Archive for June 17th, 2009

Let me spell it out for you

17 June 2009

By Kevin O’Sullivan

Iran Protests Irish TimesOk, so this isn’t really history, but it’s in the news and might be some sort of history in the making. Looking at the photograph from Iran (left) that adorned the Irish Times website this morning, it struck me that for every recent large-scale protest that has drawn worldwide media attention, whether it be in Thailand, Iran or elsewhere, more and more protesters (preferably, as is the case here, an attractive young woman) are wearing t-shirts and brandishing signs with slogans in English.

Now, we know all about English becoming the language of commerce, notably for the central European states, and the concerns of a variety of governments – not least in France – about its growing influence in Europe, but is this widespread use of English as a medium of protest a new phenomenon in the age of globalised news? Are we witnessing the birth of a new form of democracy in which protesters have happened on a very clever way of transforming the concerns of the world (not simply governments) – in this case the obvious difficulties with the outgoing administration – into pressure on local administrators for change? Or, perish the thought, perhaps protesters believe that we in the West are incapable of digesting the issues without them being presented in the plainest black and white, in a language we cannot misunderstand.

How Macroom Remembers

17 June 2009

By Kevin O’Sullivan

‘Two men from Macroom died and went up to heaven and met Peter and they said to Peter, “Who’s in charge here? Because we’ll be agin’ him.”‘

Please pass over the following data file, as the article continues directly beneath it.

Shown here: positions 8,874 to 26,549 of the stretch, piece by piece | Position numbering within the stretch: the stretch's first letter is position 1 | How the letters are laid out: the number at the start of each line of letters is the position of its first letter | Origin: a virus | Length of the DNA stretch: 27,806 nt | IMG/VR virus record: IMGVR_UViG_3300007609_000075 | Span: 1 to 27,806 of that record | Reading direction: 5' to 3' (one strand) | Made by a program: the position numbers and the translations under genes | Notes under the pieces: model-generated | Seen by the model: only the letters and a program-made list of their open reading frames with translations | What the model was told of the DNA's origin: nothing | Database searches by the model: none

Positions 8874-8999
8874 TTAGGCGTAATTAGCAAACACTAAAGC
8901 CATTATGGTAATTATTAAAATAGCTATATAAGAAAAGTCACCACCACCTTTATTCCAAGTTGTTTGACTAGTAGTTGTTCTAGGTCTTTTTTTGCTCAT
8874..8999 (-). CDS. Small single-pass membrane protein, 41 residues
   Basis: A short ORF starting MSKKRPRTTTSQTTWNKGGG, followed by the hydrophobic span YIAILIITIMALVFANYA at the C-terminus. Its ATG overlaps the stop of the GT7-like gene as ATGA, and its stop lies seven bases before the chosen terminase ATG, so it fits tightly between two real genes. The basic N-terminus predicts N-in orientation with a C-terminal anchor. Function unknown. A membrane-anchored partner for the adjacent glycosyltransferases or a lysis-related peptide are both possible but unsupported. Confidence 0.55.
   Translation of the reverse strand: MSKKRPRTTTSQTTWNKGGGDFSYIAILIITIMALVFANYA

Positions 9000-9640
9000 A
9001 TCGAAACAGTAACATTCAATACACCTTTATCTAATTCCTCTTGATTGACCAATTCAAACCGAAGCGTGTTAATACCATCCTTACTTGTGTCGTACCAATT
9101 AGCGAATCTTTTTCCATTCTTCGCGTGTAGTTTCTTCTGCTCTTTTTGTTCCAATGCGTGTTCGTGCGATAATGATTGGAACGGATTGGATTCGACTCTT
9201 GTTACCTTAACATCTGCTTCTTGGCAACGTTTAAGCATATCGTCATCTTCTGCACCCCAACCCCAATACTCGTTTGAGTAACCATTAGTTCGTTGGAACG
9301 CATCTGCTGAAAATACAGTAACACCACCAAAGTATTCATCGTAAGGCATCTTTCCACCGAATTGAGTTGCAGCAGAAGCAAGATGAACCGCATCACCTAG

MacroomIRABecause it’s too long to wait until our July recommendations and because it’s still fresh in my ears from the commute, I have to point you in the direction of the Peter Woods-produced ‘How Macroom Remembers’, part of RTÉ Radio 1’s ‘Documentary on One’ series. Woods’s piece tells a fascinating tale of how a Cork town has dealt with, assimilated and adapted its memory of the Kilmichael ambush and everything that has passed under its bridges since. When you hear radio like this, it’s a reminder that the written word sometimes just isn’t enough in expressing and exploring the subtleties and, more importantly, the human voice, of our history. In these days of media exaggeration, it’s all too easy to bandy about the superlatives ‘moving’ and ‘evocative’, but the subtle way this documentary is put together – juxtaposing the crisis about Irish pork, current when the show was recorded in 2008, with the still extant bitterness of the Civil War and reveling in the human simplicity of conversation, including at one stage being interrupted with the words ‘Sorry to interrupt now. Would ye adjourn for a cup of tea?’ – makes it a joy to the ears.

Hat tip by the way to the excellent Speechification site for pointing me in the direction of ‘How Macroom Remembers’. Listen to the documentary below and to find other episodes in the series, check the iTunes store (search for ‘documentary on one’) or the programme’s RSS feed.